Scientists discover new type of crustacean
Scientists discovernew type of crustacean
PARIS -- A team of American-led divers has discovered a new crustacean in the South Pacific that resembles a lobster and is covered with what looks like silky, blond fur, French researchers said Tuesday. Scientists said the animal, which they named Kiwa hirsuta, was so distinct from other species that they created a new family and genus for it. The divers found the animal in waters 7,540 feet deep at a site 900 miles south of Easter Island last year, according to Michel Segonzac of the French Institute for Sea Exploration. The new crustacean is described in the journal of the National Museum of Natural History in Paris. The animal is white and just shy of 6 inches long -- about the size of a salad plate. It is also blind.
Scanning glitch leadsto incorrect SAT scores
About 4,000 students who took the main SAT college entrance exam last October received incorrectly low scores because of problems with the scanning of their answer sheets. The College Board, which owns the exam, notified college admissions offices of the mistake and provided the proper scores for affected students in a letter received by some Tuesday afternoon. A College Board spokeswoman, Jennifer Topiel, said students would be notified by e-mail Thursday. Affected students will be refunded their fees from that sitting, the letter said. Topiel said the "vast majority of students" affected received scores that were within 100 points of their correct score on the three-section, 2,400-point test.
Four Vermont townscall for Bush impeachment
NEWFANE, Vt. -- In a white-clapboard town hall, built circa 1832, voters gathered Tuesday to conduct their community's business and to call for the impeachment of President Bush. "In the U.S. presently there are only a few places where citizens can act in this fashion and have a say in our nation," said select board member Dan DeWalt, who drafted the impeachment article that was placed on the warning -- or official agenda -- for the annual town meeting, a proud Yankee tradition in New England. "It absolutely affects us locally," Dewalt said. "It's our sons and daughters, our mothers and fathers, who are dying" in the war in Iraq. The article, approved 121-29 in balloting by paper, calls on Vermont's lone member of the House, independent Rep. Bernie Sanders, to file articles of impeachment against the president, alleging that Bush misled the nation into the Iraq war and engaged in illegal domestic spying. At least three other southern Vermont towns, spurred by publicity about Newfane's resolution, endorsed similar resolutions during Tuesday's meetings: Dummerston, Marlboro and Putney.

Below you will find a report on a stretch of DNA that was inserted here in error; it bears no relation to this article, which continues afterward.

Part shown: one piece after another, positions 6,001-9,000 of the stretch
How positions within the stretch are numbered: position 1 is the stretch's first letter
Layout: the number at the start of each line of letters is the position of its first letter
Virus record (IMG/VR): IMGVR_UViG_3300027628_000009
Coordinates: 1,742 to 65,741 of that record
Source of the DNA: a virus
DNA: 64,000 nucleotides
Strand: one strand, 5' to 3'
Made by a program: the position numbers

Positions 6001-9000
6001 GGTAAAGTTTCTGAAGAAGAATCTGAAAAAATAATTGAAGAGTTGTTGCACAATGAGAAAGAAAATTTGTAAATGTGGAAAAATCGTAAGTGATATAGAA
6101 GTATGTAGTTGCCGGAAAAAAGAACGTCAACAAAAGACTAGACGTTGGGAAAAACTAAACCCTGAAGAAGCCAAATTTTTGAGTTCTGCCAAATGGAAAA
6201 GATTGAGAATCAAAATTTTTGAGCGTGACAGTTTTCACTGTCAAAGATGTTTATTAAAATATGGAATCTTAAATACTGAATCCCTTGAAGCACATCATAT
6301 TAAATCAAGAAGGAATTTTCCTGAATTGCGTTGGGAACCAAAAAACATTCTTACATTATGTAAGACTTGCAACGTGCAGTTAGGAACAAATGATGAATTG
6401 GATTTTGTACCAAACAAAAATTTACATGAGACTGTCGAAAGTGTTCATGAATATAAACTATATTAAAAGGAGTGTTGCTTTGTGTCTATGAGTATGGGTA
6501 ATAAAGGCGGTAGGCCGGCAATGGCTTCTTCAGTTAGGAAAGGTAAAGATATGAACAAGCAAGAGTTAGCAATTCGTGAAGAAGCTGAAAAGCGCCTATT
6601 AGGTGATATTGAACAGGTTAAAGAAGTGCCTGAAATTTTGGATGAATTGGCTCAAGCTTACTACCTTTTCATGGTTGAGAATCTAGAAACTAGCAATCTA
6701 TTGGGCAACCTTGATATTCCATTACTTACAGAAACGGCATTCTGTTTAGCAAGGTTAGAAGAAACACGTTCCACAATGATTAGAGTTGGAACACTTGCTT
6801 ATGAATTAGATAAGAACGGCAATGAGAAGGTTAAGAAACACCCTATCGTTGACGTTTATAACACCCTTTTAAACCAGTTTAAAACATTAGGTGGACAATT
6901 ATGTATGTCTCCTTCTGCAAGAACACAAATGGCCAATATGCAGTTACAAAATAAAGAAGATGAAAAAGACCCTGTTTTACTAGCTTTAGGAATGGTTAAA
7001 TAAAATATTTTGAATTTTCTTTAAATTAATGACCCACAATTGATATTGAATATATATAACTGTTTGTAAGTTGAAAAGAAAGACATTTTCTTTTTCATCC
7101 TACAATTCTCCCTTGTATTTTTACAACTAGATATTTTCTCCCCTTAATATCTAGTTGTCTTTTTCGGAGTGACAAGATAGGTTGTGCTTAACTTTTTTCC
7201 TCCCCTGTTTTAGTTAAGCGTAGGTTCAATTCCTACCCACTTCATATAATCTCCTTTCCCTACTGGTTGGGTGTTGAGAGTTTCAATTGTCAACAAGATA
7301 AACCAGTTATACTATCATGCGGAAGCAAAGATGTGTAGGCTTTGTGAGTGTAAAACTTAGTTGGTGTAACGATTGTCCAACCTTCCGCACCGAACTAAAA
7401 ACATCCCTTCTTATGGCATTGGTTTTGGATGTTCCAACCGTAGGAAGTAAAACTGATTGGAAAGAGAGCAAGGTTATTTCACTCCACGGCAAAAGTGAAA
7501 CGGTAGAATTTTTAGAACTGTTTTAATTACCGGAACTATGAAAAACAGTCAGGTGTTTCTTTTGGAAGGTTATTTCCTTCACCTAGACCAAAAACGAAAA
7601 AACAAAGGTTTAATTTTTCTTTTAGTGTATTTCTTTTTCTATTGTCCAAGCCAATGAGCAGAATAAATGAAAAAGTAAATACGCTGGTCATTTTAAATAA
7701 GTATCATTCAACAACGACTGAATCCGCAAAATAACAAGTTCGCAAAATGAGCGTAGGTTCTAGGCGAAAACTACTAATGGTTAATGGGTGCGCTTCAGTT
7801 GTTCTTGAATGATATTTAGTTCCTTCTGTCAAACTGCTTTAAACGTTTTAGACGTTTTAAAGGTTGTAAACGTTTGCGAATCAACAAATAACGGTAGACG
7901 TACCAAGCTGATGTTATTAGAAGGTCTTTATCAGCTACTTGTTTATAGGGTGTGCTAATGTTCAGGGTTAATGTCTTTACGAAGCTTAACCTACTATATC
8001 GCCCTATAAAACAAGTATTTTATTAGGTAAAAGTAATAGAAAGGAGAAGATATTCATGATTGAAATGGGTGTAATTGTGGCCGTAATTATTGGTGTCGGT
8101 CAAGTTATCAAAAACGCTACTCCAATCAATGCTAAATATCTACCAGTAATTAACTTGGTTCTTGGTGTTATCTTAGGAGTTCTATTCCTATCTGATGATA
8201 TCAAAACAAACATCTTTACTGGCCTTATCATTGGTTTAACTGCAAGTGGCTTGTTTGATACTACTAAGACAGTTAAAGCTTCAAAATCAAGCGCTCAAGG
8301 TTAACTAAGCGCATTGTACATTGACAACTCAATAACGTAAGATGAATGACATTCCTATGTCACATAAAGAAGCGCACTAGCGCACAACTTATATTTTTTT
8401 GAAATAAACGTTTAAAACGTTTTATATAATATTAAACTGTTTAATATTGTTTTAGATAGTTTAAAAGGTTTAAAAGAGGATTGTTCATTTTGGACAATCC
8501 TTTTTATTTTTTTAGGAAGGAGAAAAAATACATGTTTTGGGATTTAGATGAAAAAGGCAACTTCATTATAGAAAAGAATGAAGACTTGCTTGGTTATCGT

Israeli official warnsHamas prime minister
JERUSALEM -- Israel's defense minister warned Tuesday the incoming Hamas prime minister would be assassinated if the Islamic militant group resumes attacks, but the acting Israeli premier also pledged a drastic cut in spending on Jewish settlements in the West Bank. Acting Prime Minister Ehud Olmert and others in his front-running Kadima Party delivered these messages just three weeks before the Israeli election. This week, Olmert's key security adviser said Israel would dismantle more West Bank settlements and try to draw its final borders in the next four years. Another key campaign issue is Israel's position on Hamas, which won the Palestinian parliamentary elections in January and is poised to form a government. Defense Minister Shaul Mofaz of Kadima told Army Radio on Tuesday that Israel would not hesitate to assassinate Hamas leaders if the group resumes attacks against Israel.
House GOP pushes lawagainst Dubai ports deal
WASHINGTON -- House Republican leaders embraced legislation Tuesday that would block a Dubai-owned company from taking over operations at several U.S. ports, brushing aside a veto threat from President Bush. "We want to make sure that the security of our ports is in America's hands," said Rep. Jerry Lewis, R-Calif., whose House Appropriations Committee planned to approve the measure today. The move marks the latest step in a Republican revolt in Congress unlike any other in Bush's five years in office. The president has yet to veto any legislation, and GOP leaders have been careful to avoid sending him anything that he wouldn't sign. Now, eight months before an election, they have decided to challenge him.